A couple of years ago, Seko struggled financially after becoming ill. He developed gout – a painful form of arthritis that swells the foot – for a month. As an independent contractor, he did not qualify for health benefits or sick leave and became overwhelmed with medical bills.
His wife, Sueann, 39, who was attending nursing school, had also relied on Seko’s income at the time. Fortunately, Seko’s two siblings, who he and Sueann share a house with, were able to help.
“That’s why I’m thankful that I did have support because I wouldn’t have been able to get by,” he says.
Now, Seko and Sueann both work – she as a hospice nurse. “She’s working now, but before when she was going to school, I think a lot of times it was like a high five,” Seko jokes. “Like, tag, you’re in now.” She leaves the house at 5 a.m., and that’s about the same time Seko comes home from his night shift at 4:30 a.m. They find time to spend with each other, especially on the weekends.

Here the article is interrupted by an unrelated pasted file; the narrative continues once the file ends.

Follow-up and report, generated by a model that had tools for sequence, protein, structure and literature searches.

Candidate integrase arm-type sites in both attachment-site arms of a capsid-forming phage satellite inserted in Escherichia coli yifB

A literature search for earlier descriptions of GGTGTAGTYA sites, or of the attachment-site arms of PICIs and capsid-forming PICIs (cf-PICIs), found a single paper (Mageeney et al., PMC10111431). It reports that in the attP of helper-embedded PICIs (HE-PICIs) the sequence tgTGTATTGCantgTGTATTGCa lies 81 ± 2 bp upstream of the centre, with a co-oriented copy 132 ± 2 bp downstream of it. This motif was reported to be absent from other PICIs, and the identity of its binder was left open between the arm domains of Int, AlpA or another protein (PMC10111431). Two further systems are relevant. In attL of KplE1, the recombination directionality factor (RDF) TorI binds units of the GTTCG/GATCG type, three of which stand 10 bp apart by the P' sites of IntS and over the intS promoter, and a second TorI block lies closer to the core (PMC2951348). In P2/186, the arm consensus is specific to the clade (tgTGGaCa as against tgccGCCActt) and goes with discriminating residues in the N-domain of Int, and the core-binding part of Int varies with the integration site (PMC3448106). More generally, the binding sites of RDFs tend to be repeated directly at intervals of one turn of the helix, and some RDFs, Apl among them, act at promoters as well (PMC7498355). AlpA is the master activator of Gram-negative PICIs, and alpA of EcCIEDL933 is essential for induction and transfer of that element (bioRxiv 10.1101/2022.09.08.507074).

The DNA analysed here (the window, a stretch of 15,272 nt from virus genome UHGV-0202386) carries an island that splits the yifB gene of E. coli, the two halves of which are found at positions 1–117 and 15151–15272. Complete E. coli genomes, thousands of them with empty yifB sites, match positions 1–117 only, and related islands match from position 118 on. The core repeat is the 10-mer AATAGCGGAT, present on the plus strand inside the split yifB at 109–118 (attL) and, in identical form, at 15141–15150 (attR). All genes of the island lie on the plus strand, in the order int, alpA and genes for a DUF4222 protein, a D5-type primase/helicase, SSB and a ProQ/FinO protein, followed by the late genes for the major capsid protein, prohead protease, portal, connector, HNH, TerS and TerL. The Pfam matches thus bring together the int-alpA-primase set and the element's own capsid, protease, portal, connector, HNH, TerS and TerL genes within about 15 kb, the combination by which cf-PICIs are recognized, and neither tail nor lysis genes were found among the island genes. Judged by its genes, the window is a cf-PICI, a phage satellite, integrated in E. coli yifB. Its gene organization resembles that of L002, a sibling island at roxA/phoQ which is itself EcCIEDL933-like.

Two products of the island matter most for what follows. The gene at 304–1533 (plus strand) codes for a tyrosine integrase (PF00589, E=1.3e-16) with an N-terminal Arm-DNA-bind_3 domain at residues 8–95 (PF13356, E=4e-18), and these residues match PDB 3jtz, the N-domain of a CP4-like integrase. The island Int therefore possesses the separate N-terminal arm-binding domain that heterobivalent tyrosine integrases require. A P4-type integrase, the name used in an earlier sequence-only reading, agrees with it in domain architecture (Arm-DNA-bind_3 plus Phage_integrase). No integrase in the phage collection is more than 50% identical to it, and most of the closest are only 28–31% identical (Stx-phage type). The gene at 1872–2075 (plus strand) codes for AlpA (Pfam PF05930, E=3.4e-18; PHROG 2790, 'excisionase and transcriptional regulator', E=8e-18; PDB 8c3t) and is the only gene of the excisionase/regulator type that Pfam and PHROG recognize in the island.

But with all the jokes and giggles, Sueann sometimes worries about her husband’s well-being.
“It makes me sad,” Sueann says, knowing the sacrifices Seko makes for his job and both of them feeling pressure to pay the bills.
Seko highlights that there are truck drivers from other companies who made it – drivers who have been reclassified as official employees – like his cousin who works at Sea-Logix, a trucking company offering a union contract, benefits and better wages.
When asked why he chooses to stay at IBT instead of quitting and joining a company like Sea-Logix, he says most people ask him that question which upsets him, “Like, I’m stupid,” he chuckles. He wants to stay for a cause greater than himself, he says.
“I may die before these changes come, but at least I helped push it the right direction.”
This article was originally published by and in collaboration with KCET’s second season of its City Rising series, The Informal Economy, a multimedia documentary program that follows four California workers facing structural discrimination but fighting to change policy and improve upward mobility for their communities. KCET follows the lives of a street vendor in Boyle Heights, a truck driver in Long Beach, a farm-working family in Coachella and an organizer in Oakland fighting for jobs for formerly incarcerated people. Watch the documentary episodes here.